Want to participate in a short research study? Help shape the future of investing tools and you could win a $250 gift card!
If you want to know who really controls Everspin Technologies, Inc. (NASDAQ:MRAM), then you’ll have to look at the makeup of its share registry. Institutions often own shares in more established companies, while it’s not unusual to see insiders own a fair bit of smaller companies. Warren Buffett said that he likes ‘a business with enduring competitive advantages that is run by able and owner-oriented people’. So it’s nice to see some insider ownership, because it may suggest that management is owner-oriented.
Everspin Technologies is not a large company by global standards. It has a market capitalization of US$120m, which means it wouldn’t have the attention of many institutional investors. Our analysis of the ownership of the company, below, shows that institutions are noticeable on the share registry. We can zoom in on the different ownership groups, to learn more about MRAM.
What Does The Institutional Ownership Tell Us About Everspin Technologies?
Institutional investors commonly compare their own returns to the returns of a commonly followed index. So they generally do consider buying larger companies that are included in the relevant benchmark index.
As you can see, institutional investors own 24% of Everspin Technologies. This suggests some credibility amongst professional investors. But we can’t rely on that fact alone, since institutions make bad investments sometimes, just like everyone does. It is not uncommon to see a big share price drop if two large institutional investors try to sell out of a stock at the same time. So it is worth checking the past earnings trajectory of Everspin Technologies, (below). Of course, keep in mind that there are other factors to consider, too.
It looks like hedge funds own 17% of Everspin Technologies shares. That catches my attention because hedge funds sometimes try to influence management, or bring about changes that will create near term value for shareholders. There are plenty of analysts covering the stock, so it might be worth seeing what they are forecasting, too.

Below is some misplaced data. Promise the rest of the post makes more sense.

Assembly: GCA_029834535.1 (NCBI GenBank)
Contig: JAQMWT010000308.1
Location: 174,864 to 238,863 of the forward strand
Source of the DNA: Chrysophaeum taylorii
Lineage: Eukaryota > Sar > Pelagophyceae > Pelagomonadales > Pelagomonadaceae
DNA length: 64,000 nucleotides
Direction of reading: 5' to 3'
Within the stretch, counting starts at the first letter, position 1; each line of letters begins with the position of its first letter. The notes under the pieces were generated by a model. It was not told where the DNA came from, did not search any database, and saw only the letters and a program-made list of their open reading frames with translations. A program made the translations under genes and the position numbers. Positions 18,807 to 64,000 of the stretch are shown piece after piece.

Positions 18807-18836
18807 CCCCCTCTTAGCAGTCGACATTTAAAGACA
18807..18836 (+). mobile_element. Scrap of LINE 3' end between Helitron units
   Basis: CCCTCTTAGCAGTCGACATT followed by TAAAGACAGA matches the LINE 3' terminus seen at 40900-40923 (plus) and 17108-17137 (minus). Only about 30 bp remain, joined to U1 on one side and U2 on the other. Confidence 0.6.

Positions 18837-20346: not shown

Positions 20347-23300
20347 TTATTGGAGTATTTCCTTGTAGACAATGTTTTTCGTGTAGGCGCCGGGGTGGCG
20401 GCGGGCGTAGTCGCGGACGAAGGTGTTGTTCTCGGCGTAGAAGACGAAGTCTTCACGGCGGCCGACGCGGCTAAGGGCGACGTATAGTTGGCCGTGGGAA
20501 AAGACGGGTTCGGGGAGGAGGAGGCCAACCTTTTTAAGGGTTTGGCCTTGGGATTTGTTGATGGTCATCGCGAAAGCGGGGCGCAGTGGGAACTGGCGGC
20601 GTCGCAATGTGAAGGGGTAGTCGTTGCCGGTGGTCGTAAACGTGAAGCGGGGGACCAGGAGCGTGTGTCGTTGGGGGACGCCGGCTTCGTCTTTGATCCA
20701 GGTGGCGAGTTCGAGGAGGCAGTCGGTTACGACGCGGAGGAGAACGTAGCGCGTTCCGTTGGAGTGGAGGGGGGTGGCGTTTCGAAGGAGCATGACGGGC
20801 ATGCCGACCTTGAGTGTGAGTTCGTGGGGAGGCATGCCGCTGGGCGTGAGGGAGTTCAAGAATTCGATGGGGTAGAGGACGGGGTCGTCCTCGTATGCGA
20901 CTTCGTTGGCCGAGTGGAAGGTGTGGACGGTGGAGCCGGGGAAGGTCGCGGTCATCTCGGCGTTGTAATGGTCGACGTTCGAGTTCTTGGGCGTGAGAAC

Insider Ownership Of Everspin Technologies
While the precise definition of an insider can be subjective, almost everyone considers board members to be insiders. Company management run the business, but the CEO will answer to the board, even if he or she is a member of it.
I generally consider insider ownership to be a good thing. However, on some occasions it makes it more difficult for other shareholders to hold the board accountable for decisions.
It seems insiders own a significant proportion of Everspin Technologies, Inc.. It has a market capitalization of just US$120m, and insiders have US$20m worth of shares in their own names. This may suggest that the founders still own a lot of shares. You can click here to see if they have been buying or selling.
General Public Ownership
The general public, with a 12% stake in the company, will not easily be ignored. This size of ownership, while considerable, may not be enough to change company policy if the decision is not in sync with other large shareholders.
Private Equity Ownership
With a stake of 26%, private equity firms could influence the MRAM board. Some might like this, because private equity are sometimes activists who hold management accountable. But other times, private equity is selling out, having taking the company public.
Private Company Ownership
It seems that Private Companies own 3.8%, of the MRAM stock. It might be worth looking deeper into this. If related parties, such as insiders, have an interest in one of these private companies, that should be disclosed in the annual report. Private companies may also have a strategic interest in the company.
While it is well worth considering the different groups that own a company, there are other factors that are even more important.
I like to dive deeper into how a company has performed in the past. You can find historic revenue and earnings in this detailed graph.
If you are like me, you may want to think about whether this company will grow or shrink. Luckily, you can check this free report showing analyst forecasts for its future.
NB: Figures in this article are calculated using data from the last twelve months, which refer to the 12-month period ending on the last date of the month the financial statement is dated. This may not be consistent with full year annual report figures.
We aim to bring you long-term focused research analysis driven by fundamental data. Note that our analysis may not factor in the latest price-sensitive company announcements or qualitative material.
If you spot an error that warrants correction, please contact the editor at email@example.com. This article by Simply Wall St is general in nature. It does not constitute a recommendation to buy or sell any stock, and does not take account of your objectives, or your financial situation. Simply Wall St has no position in the stocks mentioned. Thank you for reading.